“Even if they call me messianic, I am going to purify the country.”
—Andrés Manuel López Obrador
Among the “elected despots” of our day who once they are democratically voted into office seek to do away with the separation of powers and judicial independence, to limit freedom of expression, and ultimately to subvert democracy itself, one is accustomed to seeing the names of Vladimir Putin, Recep Tayyip Erdoğan, Narendra Modi, Nicolás Maduro, Rodrigo Duterte, Jair Bolsonaro, Benjamin Netanyahu, and Donald Trump. But the list rarely includes Andrés Manuel López Obrador. The world seems not to be aware that as president of Mexico he too is seeking to do all these things.
Born in 1953 in the southeastern state of Tabasco, López Obrador—or AMLO, as he is known—was an active member of the country’s long-ruling Institutional Revolutionary Party (PRI) from 1976 until 1989, when he joined the left-wing Partido de la Revolución Democrática (PRD), climbing its ranks to become its president from 1996 to 1999. In 2000 he was elected chief of government of Mexico City. In 2006 he lost the presidential election by a narrow margin—243,934 votes (0.62 percent)—to Felipe Calderón and immediately declared himself the “legitimate president” of Mexico. From then on, he was an implacable critic of Calderón’s aggressive and ineffective war on drugs. He lost again in 2012 to Enrique Peña Nieto, of whose corrupt administration he was no less critical. In July 2018, on his third attempt, AMLO was elected president with 53.19 percent of the vote. His approval ratings at the end of 2019, a year after he took office, reached 72 percent.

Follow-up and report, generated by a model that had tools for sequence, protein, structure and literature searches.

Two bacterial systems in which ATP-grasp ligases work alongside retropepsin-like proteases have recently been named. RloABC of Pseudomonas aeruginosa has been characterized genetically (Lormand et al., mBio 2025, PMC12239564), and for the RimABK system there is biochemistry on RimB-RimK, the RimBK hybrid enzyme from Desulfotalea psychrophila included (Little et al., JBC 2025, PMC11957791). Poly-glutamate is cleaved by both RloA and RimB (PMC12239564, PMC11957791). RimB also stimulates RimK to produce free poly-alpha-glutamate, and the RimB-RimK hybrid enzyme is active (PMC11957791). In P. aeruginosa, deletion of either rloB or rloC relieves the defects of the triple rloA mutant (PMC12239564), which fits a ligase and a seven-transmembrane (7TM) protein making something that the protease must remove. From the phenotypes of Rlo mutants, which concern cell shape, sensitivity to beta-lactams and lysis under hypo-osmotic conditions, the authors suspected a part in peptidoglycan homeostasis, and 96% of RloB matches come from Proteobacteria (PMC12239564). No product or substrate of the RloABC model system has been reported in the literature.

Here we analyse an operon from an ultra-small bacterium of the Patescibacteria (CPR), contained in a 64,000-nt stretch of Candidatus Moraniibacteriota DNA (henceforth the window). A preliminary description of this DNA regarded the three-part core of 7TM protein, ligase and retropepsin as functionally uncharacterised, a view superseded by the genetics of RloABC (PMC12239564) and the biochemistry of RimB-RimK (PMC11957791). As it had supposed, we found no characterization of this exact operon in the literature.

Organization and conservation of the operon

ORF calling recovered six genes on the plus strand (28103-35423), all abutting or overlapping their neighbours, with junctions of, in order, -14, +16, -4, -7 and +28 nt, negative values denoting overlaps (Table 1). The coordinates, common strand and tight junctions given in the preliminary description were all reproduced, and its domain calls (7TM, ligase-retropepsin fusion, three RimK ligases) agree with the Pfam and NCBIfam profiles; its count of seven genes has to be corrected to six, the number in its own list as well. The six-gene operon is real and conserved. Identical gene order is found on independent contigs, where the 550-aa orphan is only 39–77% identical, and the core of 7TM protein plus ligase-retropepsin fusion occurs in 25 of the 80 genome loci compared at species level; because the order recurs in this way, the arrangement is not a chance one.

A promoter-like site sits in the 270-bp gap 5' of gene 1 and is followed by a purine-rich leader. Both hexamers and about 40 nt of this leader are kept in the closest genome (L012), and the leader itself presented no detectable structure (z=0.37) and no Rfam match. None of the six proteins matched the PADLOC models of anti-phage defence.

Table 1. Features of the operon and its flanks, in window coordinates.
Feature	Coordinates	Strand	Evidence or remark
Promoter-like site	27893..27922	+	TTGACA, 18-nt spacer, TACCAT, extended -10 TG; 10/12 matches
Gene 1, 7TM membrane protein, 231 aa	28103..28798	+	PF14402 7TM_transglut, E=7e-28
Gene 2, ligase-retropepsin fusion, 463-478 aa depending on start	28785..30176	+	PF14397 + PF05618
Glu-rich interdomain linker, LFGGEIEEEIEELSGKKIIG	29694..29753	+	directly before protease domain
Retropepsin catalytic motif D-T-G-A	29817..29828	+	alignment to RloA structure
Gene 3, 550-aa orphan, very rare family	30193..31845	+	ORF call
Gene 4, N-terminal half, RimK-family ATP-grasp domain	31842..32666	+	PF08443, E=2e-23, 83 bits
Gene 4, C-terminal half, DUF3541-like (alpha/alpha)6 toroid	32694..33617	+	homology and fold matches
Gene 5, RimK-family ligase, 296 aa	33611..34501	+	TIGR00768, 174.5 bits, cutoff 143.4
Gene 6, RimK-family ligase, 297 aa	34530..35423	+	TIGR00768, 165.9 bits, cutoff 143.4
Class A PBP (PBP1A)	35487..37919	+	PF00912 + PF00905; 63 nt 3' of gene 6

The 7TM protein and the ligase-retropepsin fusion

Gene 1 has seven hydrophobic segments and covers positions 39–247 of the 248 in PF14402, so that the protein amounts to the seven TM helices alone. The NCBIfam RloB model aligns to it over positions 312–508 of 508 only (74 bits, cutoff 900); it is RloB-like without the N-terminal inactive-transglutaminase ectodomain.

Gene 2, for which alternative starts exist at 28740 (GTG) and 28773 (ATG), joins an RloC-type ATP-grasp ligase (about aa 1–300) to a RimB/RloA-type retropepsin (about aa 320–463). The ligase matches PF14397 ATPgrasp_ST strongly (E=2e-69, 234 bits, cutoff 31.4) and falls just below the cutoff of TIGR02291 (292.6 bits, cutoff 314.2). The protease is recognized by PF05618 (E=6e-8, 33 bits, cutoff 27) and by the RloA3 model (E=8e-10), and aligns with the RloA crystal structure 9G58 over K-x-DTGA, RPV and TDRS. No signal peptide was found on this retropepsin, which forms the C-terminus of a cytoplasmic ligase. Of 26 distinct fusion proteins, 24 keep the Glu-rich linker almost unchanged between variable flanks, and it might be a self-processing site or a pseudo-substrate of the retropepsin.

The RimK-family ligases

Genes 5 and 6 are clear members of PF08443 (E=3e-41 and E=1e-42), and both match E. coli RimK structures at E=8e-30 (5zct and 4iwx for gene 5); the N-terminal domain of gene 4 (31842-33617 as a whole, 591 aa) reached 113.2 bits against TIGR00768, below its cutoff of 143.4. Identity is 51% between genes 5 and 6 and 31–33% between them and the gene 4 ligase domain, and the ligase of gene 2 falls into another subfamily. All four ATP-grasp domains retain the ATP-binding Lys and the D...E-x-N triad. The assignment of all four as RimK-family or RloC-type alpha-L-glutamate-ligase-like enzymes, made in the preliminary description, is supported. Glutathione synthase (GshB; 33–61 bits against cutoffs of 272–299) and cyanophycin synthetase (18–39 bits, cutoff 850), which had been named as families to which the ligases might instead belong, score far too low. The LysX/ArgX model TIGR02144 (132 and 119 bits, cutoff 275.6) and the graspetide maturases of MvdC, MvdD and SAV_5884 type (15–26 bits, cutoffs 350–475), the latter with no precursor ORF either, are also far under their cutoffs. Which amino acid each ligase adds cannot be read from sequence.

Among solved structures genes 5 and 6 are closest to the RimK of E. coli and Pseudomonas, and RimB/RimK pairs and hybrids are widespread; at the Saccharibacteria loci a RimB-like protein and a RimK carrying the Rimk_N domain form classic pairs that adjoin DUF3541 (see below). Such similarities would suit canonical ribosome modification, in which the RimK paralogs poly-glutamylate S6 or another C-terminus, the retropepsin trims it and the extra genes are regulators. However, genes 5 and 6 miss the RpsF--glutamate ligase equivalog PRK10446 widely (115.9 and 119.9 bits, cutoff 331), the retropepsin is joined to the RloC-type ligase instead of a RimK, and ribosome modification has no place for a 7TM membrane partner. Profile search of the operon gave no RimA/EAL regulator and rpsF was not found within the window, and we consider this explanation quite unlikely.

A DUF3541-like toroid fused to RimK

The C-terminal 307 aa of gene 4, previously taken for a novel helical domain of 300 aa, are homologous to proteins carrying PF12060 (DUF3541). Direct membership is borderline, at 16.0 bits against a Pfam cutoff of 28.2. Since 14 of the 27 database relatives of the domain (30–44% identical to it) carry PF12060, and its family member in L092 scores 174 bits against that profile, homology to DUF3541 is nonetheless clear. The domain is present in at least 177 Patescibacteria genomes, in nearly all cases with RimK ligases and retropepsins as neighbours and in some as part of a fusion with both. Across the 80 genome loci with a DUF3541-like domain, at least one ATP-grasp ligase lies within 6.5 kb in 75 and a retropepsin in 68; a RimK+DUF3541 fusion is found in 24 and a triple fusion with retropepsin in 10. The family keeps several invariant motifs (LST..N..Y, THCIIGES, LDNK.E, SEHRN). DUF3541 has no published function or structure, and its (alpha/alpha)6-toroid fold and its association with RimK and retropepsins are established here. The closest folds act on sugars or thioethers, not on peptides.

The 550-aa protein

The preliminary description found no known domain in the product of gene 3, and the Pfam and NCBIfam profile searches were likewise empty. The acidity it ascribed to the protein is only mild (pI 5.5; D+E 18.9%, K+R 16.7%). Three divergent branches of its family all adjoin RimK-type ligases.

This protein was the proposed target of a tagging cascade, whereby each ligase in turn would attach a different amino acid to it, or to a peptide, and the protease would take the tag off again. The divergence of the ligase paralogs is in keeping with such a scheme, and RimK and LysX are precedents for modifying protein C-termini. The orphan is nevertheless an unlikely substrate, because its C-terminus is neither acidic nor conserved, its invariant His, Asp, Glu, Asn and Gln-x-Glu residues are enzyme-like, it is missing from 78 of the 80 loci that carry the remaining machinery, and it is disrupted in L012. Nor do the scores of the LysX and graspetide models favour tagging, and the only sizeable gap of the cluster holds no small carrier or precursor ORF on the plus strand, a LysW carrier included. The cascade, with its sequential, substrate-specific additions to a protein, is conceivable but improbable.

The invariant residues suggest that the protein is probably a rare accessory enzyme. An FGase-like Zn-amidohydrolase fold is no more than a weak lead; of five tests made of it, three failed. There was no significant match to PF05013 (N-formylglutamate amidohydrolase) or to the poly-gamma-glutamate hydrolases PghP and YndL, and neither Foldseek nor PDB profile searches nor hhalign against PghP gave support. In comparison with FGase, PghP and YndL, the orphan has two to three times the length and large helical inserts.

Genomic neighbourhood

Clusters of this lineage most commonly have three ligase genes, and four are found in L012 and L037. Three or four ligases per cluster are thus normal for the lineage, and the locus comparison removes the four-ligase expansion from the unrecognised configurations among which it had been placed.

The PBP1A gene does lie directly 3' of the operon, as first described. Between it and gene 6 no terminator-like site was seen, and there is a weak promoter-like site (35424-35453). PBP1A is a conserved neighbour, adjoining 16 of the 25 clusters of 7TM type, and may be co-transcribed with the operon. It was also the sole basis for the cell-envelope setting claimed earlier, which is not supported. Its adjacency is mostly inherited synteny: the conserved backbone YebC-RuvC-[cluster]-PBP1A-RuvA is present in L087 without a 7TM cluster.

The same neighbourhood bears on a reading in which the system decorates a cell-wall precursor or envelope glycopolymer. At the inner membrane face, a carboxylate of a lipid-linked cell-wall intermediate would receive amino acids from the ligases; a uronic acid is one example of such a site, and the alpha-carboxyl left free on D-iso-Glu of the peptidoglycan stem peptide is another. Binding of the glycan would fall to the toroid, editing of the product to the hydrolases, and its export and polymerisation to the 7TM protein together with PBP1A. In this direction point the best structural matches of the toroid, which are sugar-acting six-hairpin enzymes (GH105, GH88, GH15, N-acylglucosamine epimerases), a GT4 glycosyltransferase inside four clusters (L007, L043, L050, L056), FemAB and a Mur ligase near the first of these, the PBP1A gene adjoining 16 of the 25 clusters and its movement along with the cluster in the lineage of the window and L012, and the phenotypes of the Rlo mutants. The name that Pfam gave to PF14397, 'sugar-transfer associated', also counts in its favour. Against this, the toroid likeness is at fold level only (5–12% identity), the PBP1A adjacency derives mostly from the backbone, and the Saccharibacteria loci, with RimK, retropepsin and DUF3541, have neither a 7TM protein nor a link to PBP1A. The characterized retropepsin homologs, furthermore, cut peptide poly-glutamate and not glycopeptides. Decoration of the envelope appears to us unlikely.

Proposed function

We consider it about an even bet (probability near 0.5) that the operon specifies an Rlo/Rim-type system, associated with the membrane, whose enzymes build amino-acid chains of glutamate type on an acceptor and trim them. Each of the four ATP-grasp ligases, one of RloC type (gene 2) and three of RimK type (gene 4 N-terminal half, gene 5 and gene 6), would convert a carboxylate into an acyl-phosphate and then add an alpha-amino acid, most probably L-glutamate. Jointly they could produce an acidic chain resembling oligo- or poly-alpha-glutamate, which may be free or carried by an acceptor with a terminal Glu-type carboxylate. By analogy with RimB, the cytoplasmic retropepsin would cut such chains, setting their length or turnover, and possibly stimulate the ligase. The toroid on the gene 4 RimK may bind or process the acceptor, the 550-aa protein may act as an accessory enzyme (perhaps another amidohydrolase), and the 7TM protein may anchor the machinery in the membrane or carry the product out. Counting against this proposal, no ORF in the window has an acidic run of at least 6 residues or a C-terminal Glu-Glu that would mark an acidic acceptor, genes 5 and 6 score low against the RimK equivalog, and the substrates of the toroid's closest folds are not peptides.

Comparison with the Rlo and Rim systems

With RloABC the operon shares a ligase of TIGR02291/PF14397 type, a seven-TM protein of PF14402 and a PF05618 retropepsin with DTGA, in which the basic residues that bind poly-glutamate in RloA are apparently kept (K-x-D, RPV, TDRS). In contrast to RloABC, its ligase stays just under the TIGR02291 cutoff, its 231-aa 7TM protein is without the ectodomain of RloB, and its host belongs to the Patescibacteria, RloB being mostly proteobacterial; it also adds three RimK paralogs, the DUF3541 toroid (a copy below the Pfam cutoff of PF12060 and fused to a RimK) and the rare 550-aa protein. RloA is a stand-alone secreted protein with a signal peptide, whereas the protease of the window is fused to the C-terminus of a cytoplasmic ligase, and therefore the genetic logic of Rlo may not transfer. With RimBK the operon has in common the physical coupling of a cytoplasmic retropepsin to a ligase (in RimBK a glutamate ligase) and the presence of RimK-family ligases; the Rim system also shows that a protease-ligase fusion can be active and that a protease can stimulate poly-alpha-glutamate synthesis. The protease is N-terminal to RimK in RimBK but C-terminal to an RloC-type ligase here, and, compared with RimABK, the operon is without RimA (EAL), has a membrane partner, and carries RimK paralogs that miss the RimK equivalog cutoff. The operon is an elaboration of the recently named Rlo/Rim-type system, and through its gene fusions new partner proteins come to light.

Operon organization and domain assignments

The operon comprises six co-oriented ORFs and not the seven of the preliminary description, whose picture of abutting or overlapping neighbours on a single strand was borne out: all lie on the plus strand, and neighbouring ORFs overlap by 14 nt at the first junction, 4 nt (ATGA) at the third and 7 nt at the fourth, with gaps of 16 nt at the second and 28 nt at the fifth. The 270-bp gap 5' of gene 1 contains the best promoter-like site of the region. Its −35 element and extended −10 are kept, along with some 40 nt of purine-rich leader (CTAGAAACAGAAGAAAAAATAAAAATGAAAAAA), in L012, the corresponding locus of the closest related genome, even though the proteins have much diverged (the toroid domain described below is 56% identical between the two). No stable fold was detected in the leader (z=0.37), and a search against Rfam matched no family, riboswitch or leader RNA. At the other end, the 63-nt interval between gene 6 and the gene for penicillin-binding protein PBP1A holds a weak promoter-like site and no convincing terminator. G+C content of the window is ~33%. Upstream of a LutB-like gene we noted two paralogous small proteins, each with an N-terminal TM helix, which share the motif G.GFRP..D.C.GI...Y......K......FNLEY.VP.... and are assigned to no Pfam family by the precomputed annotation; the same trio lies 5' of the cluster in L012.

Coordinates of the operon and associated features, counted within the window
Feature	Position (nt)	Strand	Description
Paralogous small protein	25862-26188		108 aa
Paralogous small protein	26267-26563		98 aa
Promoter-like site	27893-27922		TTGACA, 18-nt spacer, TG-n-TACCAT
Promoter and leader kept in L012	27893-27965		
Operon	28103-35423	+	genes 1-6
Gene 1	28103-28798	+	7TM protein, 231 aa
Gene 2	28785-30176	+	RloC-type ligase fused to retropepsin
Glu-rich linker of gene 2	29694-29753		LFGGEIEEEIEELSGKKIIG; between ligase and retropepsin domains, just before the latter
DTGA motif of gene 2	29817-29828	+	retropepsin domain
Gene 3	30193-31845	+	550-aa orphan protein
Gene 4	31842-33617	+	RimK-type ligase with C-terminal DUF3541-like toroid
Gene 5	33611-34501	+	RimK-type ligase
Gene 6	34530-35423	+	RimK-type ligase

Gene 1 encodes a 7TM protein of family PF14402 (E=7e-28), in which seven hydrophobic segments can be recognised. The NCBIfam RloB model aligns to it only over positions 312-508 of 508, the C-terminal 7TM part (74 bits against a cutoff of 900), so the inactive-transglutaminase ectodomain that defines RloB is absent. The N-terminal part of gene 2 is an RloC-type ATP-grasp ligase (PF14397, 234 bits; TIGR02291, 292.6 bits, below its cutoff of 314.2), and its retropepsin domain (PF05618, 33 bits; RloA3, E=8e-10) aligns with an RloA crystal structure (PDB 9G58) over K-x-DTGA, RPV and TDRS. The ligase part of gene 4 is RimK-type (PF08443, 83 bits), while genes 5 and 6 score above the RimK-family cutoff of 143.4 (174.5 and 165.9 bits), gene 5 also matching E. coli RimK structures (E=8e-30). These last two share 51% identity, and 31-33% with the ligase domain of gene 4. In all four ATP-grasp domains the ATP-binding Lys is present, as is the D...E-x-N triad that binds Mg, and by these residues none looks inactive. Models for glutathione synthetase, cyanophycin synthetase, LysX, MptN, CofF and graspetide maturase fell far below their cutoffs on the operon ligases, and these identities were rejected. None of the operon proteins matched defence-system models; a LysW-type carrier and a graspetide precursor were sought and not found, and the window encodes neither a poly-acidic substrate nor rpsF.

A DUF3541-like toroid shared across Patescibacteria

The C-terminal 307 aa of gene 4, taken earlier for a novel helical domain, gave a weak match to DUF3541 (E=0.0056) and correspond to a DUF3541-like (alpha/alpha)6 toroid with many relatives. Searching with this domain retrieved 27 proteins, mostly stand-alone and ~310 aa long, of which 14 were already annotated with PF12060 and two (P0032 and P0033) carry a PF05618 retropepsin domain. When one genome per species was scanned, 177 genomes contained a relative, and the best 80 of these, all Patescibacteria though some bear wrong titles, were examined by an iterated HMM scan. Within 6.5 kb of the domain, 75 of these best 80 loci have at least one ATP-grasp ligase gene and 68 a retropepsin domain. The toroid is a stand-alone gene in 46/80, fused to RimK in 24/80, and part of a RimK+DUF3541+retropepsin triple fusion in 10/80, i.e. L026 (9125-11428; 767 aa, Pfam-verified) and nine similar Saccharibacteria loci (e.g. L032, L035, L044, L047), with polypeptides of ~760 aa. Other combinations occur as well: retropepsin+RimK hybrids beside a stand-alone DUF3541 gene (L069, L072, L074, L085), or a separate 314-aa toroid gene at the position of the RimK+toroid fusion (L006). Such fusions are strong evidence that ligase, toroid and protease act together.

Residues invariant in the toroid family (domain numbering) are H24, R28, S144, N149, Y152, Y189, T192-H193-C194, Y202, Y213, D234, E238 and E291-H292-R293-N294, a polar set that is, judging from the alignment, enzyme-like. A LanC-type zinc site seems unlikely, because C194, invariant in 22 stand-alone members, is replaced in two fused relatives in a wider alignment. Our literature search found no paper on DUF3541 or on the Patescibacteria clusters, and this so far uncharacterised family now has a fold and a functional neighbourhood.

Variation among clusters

It was clear that for many Mexicans, AMLO represented a hope for rectitude and renewal. Part of the country had simply had enough of the PRI, which governed Mexico from 1929 to 2000 and again from 2012 to 2018, and the National Action Party (PAN), which governed from 2000 to 2012. But there has been another reason for his popularity: the religious aura he has cultivated. Until the Covid-19 pandemic forced him to stop in April, he traveled around the country in a manner that he has described as “apostolic” and that large parts of the population felt was genuine and compassionate. Peña Nieto used to play golf on weekends; AMLO went to villages, talking to people and taking selfies. The “good news” that he preached was not a mere change of government but the coming—with all of that word’s religious overtones—of a new age with the promise of equality, prosperity, and justice.
A comparison between AMLO and the late Venezuelan president Hugo Chávez is revealing. Unlike Chávez, he has not aspired to be an international celebrity or even a Latin American one (since taking office, he hasn’t traveled outside the country and probably never will). He is…
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